And while politicians say they would never collaborate with the AfD, there are already signs that this may not remain the case forever. Already this year, CDU politicians in the region of Sachsen-Anhalt attempted to support an AfD inquiry into left-wing violence. They faced sharp reprimands by Merkel.


Political commentators often point to Germany’s Nazi past as a reason why far right populism hasn’t grown as much here as in other countries. The shame, horror, and destruction of the war are thought to have engendered a cultural aversion to far-right ideologies and leant a severity to the anti-Semitism taboo that other Western countries don’t have. There is some truth to this. The German political system, which emphasizes consensus building and a balance of powers, is explicitly designed to avoid another Hitler, and there has been little controversy among Germans at attempts to alter Parliamentary rules to disfavor the far-right. It’s significant, then, that prominent members of the other parties have openly called the AfD “Nazis,” even as they come to the brink of power: The ascendancy of such a group is no longer supposed to be possible.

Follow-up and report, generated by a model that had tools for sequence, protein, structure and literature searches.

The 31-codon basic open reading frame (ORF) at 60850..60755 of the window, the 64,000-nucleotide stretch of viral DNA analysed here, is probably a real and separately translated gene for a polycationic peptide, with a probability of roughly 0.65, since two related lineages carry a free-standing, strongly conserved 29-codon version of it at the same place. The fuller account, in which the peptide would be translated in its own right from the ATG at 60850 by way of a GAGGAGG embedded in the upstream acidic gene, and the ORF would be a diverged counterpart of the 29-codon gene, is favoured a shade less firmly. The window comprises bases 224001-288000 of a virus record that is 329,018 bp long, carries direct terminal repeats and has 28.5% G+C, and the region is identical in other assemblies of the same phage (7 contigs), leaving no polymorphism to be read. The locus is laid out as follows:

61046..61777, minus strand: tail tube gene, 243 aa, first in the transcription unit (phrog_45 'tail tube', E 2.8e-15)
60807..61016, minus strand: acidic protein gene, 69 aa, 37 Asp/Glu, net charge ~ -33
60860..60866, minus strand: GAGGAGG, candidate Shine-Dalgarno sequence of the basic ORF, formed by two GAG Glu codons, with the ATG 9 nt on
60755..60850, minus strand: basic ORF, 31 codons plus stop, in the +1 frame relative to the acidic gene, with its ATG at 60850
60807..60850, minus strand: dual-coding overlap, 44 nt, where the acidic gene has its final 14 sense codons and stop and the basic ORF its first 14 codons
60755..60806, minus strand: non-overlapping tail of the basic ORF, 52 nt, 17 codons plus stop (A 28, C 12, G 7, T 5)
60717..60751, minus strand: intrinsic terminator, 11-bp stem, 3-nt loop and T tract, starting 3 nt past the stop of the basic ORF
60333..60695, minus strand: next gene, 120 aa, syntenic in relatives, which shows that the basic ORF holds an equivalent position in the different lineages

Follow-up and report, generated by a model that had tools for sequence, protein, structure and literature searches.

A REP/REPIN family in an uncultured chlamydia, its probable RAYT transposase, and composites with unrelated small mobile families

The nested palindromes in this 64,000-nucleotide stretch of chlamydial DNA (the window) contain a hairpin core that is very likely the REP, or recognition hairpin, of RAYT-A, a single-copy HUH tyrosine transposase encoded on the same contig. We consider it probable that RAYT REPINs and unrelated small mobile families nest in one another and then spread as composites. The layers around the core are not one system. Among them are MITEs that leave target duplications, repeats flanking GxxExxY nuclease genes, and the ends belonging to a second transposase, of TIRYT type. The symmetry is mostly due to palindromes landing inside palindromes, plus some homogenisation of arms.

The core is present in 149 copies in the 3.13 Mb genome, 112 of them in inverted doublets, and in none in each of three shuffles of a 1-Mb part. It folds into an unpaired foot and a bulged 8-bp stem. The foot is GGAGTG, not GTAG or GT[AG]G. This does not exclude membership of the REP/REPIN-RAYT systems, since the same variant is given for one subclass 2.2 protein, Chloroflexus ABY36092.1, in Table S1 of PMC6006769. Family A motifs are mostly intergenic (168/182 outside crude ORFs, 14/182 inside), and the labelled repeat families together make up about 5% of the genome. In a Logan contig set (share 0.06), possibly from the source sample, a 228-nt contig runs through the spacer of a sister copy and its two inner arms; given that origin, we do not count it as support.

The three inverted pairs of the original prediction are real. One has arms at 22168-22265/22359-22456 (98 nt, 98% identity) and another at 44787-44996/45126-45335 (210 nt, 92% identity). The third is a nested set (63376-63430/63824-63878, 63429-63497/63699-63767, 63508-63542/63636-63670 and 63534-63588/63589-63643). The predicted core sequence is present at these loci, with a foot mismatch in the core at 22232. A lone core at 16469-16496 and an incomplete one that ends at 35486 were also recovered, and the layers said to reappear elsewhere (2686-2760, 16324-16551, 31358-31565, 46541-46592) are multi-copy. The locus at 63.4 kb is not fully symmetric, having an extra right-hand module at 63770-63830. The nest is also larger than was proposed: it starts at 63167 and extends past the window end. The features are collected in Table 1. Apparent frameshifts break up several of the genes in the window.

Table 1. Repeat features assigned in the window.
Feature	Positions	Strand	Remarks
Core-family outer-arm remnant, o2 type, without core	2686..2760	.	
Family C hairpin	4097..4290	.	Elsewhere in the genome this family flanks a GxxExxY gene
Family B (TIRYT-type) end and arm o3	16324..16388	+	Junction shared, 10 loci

Correction: A previous version of this article stated that the AfD was the most far-right party to be elected to the German parliament since the Nazis. It is instead the most far-right party to be elected to that body since the 1960s.